And to what degree do we need to update the single focus on meditation, as a panacea to our wellbeing, to a more holistic, and realistic picture of health?

Is it time for some updated form of meditation that includes more aspects of our being?


How to meditate with ease

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Something that makes meditation infinitely easier is to get some energy out of your system before you meditate. Think of it as a cat dozing in the sun after a long night of hunting, a relaxed and meditative state is as natural to them as it is to us.

 Sure, they are not “meditating” in the traditional sense by counting breaths, but we shouldn’t forget that what we call “meditation” is just a tool to enter a meditative state, and not a goal in itself. You can read more about this fact in Adyashanti’s book Falling into Grace.

 If you have read any literature by OSHO you discover that he too noted that, especially westerners, had a hard time meditating, let alone reaching the meditative state. To deal with this he prescribed some exercises, jumping around and breathing frenetically, that would help people calm down and blow off some steam before they sat down to meditate. You can read more about it in this book.

Another example of someone suggesting to blow off steam before meditating is Sadhguru who keeps a large underground pool of cold water that he recommends people take dip in before praying and meditating. And we know cold water calms the nervous system, and makes your heart race, plus floods your system with feel good chemicals much like a runners high. You can read more about the pools here.

Once you sit down to meditate, you’re calm and collected because your body and circulatory system had its exercise.

Remember that back in the day when meditation came about as a tool to calm the mind and reach bliss, people led a much more physically active lives than we do. So it could be as simple as you sitting down to meditate after a long sedentary day in front of your computer eating donuts and your body is saying “ – what the hell are you doing? get up and move around for christ’s sake!”

Which is nothing but your body (and mind) trying to keep you healthy – and happy.

What do we do? We tell the mind to shut up because we want to sit and meditate so that we can be healthy and blissful. Doesn’t sound right, right?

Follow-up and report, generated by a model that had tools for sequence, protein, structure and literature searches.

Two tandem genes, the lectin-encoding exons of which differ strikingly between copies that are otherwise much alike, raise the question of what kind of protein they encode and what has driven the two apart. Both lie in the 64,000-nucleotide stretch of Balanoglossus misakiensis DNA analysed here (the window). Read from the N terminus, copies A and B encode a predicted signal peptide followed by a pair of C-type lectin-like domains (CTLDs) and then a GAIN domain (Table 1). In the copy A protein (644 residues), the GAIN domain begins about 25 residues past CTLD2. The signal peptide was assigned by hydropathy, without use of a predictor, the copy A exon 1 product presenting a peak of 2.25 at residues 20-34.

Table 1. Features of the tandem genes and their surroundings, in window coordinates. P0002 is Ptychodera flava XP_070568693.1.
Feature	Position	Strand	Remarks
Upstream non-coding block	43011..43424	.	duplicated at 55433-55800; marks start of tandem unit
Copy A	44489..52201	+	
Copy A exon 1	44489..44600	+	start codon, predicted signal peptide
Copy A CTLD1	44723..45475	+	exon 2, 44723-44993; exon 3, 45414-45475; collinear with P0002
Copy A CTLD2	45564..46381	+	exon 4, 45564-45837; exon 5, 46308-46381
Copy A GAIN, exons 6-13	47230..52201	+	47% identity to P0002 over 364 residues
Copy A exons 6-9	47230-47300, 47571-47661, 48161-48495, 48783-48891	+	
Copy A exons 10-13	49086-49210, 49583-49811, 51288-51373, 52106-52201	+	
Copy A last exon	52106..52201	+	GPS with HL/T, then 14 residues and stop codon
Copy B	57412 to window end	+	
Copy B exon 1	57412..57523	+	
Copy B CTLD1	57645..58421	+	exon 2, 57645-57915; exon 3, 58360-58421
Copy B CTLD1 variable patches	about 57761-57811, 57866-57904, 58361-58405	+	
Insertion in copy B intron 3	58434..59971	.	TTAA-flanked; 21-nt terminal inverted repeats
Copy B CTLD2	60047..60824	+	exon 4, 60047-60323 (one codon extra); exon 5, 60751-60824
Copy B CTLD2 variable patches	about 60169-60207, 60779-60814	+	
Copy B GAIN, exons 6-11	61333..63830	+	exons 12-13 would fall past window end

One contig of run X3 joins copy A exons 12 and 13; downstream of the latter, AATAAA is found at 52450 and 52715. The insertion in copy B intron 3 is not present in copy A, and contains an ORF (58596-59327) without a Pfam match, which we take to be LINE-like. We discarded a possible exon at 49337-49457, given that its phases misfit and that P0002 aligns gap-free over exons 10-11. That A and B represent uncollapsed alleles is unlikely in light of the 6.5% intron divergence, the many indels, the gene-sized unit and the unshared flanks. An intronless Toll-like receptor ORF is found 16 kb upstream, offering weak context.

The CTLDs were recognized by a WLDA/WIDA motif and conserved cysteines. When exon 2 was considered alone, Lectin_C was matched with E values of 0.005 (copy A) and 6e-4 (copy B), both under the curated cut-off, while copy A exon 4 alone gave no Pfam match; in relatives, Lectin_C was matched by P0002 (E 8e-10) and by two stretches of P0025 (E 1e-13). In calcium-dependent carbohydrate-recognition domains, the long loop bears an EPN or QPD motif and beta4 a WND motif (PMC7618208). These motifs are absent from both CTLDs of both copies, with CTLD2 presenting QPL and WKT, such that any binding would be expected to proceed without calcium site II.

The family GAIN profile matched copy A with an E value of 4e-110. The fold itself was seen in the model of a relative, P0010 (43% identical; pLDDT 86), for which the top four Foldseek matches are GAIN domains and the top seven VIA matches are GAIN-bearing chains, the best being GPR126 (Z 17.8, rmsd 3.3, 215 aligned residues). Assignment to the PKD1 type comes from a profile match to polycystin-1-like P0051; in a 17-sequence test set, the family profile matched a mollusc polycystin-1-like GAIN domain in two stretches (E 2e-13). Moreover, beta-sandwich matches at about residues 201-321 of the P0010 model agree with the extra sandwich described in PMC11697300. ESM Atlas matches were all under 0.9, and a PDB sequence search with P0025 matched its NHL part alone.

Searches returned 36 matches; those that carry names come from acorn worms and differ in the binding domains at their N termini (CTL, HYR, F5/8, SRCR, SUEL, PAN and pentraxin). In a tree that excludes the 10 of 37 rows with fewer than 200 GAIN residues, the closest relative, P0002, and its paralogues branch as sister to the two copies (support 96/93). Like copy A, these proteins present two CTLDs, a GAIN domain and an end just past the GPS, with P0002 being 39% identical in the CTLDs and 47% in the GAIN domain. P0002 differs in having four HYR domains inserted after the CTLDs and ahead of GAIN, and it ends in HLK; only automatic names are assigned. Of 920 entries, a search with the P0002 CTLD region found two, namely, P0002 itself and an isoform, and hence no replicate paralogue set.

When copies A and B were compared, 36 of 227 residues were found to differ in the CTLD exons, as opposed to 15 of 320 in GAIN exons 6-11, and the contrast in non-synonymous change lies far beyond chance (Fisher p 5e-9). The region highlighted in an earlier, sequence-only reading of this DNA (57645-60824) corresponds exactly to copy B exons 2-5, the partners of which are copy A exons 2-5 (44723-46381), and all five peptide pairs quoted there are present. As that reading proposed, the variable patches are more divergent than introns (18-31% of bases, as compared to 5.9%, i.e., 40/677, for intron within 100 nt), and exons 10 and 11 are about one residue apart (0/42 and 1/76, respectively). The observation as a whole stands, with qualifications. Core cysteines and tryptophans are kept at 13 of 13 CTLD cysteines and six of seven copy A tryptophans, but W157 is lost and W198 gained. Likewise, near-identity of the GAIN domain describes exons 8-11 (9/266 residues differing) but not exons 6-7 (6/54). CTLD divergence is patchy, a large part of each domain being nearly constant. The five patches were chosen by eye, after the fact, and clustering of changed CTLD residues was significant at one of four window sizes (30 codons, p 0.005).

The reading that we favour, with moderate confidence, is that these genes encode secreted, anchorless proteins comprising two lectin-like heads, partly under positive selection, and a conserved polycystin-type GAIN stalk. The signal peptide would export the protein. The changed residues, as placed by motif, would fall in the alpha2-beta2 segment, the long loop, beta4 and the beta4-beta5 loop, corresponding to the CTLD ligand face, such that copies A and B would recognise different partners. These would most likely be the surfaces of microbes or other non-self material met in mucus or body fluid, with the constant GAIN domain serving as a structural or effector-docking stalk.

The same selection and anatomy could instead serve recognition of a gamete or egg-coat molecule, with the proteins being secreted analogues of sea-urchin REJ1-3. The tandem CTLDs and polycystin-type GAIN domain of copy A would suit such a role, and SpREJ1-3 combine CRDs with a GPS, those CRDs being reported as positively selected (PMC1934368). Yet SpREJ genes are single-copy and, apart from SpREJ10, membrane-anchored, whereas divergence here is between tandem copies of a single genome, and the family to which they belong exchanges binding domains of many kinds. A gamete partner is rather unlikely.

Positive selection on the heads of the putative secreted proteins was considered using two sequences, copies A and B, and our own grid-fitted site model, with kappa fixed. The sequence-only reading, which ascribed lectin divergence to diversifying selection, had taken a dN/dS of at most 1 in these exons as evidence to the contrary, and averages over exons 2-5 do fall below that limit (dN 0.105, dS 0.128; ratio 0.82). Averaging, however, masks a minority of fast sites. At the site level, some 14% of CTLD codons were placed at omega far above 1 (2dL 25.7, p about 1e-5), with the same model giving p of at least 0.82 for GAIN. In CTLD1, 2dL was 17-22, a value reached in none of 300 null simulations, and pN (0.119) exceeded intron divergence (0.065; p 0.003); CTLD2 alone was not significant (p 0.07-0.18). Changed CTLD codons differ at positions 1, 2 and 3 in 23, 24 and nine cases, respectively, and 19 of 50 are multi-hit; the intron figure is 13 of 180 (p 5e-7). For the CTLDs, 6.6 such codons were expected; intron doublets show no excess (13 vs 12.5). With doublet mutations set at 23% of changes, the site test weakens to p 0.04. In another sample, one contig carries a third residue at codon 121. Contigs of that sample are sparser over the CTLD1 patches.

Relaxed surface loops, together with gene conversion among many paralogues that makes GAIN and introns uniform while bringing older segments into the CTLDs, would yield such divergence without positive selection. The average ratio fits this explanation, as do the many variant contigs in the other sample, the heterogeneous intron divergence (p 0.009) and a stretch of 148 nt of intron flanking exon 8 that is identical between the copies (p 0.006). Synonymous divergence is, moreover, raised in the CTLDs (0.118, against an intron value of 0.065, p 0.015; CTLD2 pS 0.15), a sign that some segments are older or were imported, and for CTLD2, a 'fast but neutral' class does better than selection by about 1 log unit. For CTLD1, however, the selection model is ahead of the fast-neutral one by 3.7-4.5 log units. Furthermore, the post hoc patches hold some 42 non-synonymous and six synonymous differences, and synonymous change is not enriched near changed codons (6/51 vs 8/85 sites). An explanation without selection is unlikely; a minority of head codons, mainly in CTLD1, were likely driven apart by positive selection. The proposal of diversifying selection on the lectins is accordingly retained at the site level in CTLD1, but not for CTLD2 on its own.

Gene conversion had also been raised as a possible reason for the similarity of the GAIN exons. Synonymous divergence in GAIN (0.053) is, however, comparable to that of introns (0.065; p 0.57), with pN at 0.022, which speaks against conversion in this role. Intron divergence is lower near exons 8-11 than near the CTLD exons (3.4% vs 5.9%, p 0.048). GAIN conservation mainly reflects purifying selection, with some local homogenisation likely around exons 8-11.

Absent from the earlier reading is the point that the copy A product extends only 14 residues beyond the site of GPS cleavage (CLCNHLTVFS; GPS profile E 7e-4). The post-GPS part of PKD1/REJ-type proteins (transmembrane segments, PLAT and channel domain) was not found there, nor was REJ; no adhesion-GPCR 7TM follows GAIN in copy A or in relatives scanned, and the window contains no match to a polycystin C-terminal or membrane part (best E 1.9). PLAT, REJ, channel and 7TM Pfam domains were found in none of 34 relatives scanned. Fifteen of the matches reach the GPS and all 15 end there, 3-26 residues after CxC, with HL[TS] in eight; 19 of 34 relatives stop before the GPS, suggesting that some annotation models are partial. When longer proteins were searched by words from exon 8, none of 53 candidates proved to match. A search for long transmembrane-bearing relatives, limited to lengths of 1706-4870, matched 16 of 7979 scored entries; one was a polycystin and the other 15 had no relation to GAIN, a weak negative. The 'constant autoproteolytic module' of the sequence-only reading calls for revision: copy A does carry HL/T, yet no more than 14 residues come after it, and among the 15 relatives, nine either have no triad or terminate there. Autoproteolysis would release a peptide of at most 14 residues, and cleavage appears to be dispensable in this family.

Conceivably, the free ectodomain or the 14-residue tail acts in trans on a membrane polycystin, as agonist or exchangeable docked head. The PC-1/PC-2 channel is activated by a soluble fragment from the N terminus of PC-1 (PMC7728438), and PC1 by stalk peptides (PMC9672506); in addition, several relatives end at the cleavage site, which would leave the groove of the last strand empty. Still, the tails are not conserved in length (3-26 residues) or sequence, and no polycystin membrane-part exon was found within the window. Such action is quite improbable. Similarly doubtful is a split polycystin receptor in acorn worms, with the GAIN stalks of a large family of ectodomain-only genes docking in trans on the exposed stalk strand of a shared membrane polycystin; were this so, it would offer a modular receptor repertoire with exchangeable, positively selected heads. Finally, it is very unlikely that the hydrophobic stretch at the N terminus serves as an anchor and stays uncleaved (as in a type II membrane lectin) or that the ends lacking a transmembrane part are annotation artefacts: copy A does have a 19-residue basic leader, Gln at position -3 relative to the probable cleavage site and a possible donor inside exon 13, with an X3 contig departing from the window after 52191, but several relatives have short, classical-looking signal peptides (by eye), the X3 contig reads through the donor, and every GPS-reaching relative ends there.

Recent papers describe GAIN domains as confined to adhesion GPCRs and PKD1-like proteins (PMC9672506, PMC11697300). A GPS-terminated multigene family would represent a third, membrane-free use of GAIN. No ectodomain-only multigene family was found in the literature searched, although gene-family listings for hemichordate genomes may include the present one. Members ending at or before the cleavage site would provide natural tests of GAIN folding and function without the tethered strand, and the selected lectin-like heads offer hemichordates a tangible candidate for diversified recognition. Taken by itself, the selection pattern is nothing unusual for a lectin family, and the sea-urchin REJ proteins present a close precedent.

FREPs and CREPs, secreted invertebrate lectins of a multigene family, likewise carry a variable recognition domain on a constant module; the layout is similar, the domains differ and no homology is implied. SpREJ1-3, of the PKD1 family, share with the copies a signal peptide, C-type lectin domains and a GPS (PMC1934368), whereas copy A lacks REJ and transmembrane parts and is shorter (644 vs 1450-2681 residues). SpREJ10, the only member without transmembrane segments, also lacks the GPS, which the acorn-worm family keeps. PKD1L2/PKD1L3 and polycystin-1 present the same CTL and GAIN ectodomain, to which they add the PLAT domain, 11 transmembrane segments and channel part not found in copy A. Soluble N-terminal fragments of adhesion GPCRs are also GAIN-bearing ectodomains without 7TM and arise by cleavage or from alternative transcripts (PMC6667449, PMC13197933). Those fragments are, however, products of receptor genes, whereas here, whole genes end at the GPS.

You see, what a lot of meditators forget is that you can’t meditate away anxiety, worry and depression brought about by a lack of exercise.

Meditation is just one part of health, not “everything” and if you neglect the other parts, it will be infinitely harder meditate, and rightfully so. 


The best way to meditate is to not meditate at all

I never forget the wise advice given to me from a Zen master when visiting Kyoto in the late 90s.

Imagine you are standing crystal-clear river of fresh water in the middle of a forest. As you are standing there, you are pushing the river with your feet, whipping up all kinds of debris making the river opaque and water dirty.

See the river as your mind. The river has a natural flow, so has your mind. The river doesn’t need you to help it flow, quite the opposite. Kicking the water hurts more than it helps. To stop you from kicking the water, we have meditation.

See meditation as a stick given to you to beat the grass, a distraction from you kicking the water. As you beat the grass, your feet keep still and allows the river to slowly recover its clarity and return to its natural flow. That’s the meditative state. That’s what you are seeking.

Watching the breath or mantra is not an end in itself – it’s a stick. A means to reach the meditative state. And once you’re in the meditative state you can abandon your mantra (or breath-focus), much like you can abandon the stick, and just enjoy the silence. That makes sense right? Once the river has settled, you can stop beating the stick and just stand there and radiate peace, joy and tranquility.

The best way to meditate is to not meditate at all, but to be in a meditative state. But if you have to meditate to get there, then take your pick your stick.